Antique samplers were predominantly stitched by young girls in private schools, in the 200 year period between
The Huber's large inventory emphasizes American and English antique samplers, silk embroideries and related textiles.
Their historic shop (open by appointment) is a 1649 house in Old Saybrook, Connecticut. They hold special events
throughout the year and participate in the nation's leading antique shows.
They have, and continue to assemble, the best collections of antique samplers and needlework in America. They routinely
advise major museums, historical societies and private collectors, and are consulted by the leading auction houses.
They welcome inquiries from beginning collectors to the most advanced for either purchasing or selling.
Explanation of the above categories.
Sampler or Antique Sampler: Usually these terms refer to early needlework accomplishments stitched, or wrought
by young students in schools with silk thread on a linen background. They can run the gamut in quality, complexity,
and price. The first attempt at making a sampler by a young girl, or far less frequently a young boy, was usually
a very simple sampler with only alphabets, numbers, name, date, and sometimes a small amount of decorative stitching.
These are commonly referred to as marking samplers. As the students became more capable, the complexity of the
sampler usually increased accordingly. At the very top are some masterpieces sporting a wide variety of difficult
stitches and subtle color changes intricately and graphically executed to create a needlework sampler that was
framed, proudly displayed and cherished. Now those same samplers are highly sought after and cherished by knowledgeable
antique needlework collectors.
Silk Embroidered Pictures: We use this term to refer to early needlework that was embroidered with silk or chenille
thread on a silk (not linen, canvas, or cotton) background. Often the silk background not covered with embroidery
is painted with watercolors. These were popular c1780 to c1840 and were extremely expensive and difficult to execute.
They often depicted classic biblical stories, mythological stories, popular stories of the times, or memorial themes.
The faces were often painted by well-known artists of the period, some are known today although many are yet to
be identified. In general, privileged young girls attending the finest schools were responsible for these exquisite
silk embroidered pictures. We consider this type of needlework to be the highest quality needlework art of the
Memorials: Although memorials were usually a form of "silk embroidered pictures" they deserve a category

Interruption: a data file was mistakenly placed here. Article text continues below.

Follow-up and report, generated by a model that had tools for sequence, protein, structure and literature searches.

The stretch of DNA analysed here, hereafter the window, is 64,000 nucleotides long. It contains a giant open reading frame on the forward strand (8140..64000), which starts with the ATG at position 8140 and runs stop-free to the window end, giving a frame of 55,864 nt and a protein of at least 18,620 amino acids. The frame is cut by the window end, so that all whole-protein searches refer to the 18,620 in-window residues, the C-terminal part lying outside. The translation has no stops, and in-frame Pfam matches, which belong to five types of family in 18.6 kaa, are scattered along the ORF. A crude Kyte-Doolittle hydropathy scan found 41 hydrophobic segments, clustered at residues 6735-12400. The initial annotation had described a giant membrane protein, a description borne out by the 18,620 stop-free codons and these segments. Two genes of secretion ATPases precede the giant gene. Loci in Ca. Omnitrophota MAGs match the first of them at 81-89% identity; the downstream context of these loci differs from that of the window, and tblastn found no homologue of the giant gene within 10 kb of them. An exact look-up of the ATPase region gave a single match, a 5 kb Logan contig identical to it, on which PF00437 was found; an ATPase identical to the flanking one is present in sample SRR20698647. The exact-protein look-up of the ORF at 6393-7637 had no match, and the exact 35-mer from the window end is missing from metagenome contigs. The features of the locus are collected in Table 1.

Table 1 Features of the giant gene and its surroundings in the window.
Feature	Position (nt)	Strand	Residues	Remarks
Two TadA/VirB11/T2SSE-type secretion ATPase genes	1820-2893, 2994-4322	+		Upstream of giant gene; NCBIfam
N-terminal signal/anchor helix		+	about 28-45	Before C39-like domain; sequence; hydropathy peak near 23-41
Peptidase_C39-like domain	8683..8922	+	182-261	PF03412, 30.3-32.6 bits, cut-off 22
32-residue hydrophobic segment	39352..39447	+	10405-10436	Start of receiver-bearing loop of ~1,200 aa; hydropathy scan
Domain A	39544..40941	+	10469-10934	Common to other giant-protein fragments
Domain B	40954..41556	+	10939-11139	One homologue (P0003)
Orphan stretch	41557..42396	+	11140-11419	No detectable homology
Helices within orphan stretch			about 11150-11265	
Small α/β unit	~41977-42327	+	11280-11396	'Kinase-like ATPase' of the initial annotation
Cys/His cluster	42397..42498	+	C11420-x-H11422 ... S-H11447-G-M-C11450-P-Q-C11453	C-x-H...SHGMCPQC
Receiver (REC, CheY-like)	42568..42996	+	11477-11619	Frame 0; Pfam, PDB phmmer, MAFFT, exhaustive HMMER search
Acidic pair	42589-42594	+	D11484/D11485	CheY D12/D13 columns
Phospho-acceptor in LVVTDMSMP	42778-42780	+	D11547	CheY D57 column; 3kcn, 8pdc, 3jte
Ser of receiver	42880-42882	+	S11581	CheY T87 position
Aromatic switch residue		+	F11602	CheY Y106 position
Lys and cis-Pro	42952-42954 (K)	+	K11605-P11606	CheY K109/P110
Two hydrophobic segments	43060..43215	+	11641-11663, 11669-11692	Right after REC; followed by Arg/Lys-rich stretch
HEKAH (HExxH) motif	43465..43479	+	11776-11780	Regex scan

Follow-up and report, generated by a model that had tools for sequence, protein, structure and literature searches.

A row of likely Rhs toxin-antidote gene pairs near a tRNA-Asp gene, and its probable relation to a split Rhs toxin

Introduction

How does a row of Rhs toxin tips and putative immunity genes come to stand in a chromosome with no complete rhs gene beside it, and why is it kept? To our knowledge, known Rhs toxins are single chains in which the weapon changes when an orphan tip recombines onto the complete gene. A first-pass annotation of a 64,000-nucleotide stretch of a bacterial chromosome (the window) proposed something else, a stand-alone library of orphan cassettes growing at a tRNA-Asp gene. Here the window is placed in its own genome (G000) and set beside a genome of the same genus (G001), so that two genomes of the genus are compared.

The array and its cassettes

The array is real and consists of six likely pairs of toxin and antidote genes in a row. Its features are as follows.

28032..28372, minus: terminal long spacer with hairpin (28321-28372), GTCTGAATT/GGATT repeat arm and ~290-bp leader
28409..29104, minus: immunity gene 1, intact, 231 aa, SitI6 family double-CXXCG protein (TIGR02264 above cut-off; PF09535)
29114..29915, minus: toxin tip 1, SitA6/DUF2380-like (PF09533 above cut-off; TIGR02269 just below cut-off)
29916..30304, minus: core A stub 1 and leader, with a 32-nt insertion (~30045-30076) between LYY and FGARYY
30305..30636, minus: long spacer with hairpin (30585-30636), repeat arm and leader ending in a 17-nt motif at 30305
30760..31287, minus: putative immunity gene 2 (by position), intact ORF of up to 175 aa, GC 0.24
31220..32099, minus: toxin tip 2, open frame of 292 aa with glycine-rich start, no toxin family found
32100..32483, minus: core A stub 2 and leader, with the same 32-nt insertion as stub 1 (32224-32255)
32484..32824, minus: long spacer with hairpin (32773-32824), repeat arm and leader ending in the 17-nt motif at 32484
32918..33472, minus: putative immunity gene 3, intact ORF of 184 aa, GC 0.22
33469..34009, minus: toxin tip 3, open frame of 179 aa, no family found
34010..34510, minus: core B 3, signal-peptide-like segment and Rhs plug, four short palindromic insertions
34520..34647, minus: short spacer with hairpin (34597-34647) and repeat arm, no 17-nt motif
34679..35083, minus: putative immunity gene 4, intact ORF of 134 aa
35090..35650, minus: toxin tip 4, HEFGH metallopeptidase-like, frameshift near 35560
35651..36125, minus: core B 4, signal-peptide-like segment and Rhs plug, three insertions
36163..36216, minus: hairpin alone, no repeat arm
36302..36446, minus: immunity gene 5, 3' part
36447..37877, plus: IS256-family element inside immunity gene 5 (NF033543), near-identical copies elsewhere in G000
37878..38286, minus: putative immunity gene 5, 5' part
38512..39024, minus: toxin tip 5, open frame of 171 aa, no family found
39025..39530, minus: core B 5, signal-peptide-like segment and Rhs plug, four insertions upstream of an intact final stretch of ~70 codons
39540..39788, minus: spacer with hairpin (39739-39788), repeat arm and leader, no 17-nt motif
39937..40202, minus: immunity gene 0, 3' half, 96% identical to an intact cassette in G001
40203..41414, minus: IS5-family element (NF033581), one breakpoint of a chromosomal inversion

to themselves. A memorial needlework picture was one of the expected accomplishments of a young cultured girl c1780
to c1840. These typically show a tomb, mourning figures, and weeping willow trees. They are beautiful, sensitive,
and graceful works of needlework art that are highly sought after by the top collectors of antique samplers and
needlework. Contrary to popular belief, the stitchers of these memorials were not necessarily in mourning over
the loss of a loved one but merely creating a popular form of needlework. If they had no one close enough to them
to memorialize, they may dedicate their memorial to a well known figure or inscribe the tomb "sacred to friendship"
or simply leave it blank.
Canvaswork pictures: This category refers to a well known group of needlework pictures or needlepoint pictures,
executed in "tent" stitch, predominately made in the mid 18th century in Philadelphia, Connecticut, Rhode
Island, the Boston area, and in England. They often depict a shepherd and shepherdess or a hunt scene with a pastoral
background. They vary in size from about 4" x 6" to massive and impressive works of art referred to as
"over mantles" that can be 2 feet high and 5 feet wide. This type of needlework folk art is some of the
most highly prized and aggressively collected antique needlework on the market today.
English 17th century samplers and related needlework: We are using this category to present 17th century needlework,
usually from England, and other types of needlework or beadwork that doesn't conveniently fall into any of the
other categories. Stumpwork is a term commonly used today to refer to early raised or padded needlework that was
popular in the mid 17th century.
STEPHEN & CAROL HUBER
860) 388-6809 or email: Hubers@AntiqueSamplers.com
We buy and sell antique needlework
needlework embroidery needlework embroidery needlework
embroidery needlework embroidery needlework embroidery needlework embroidery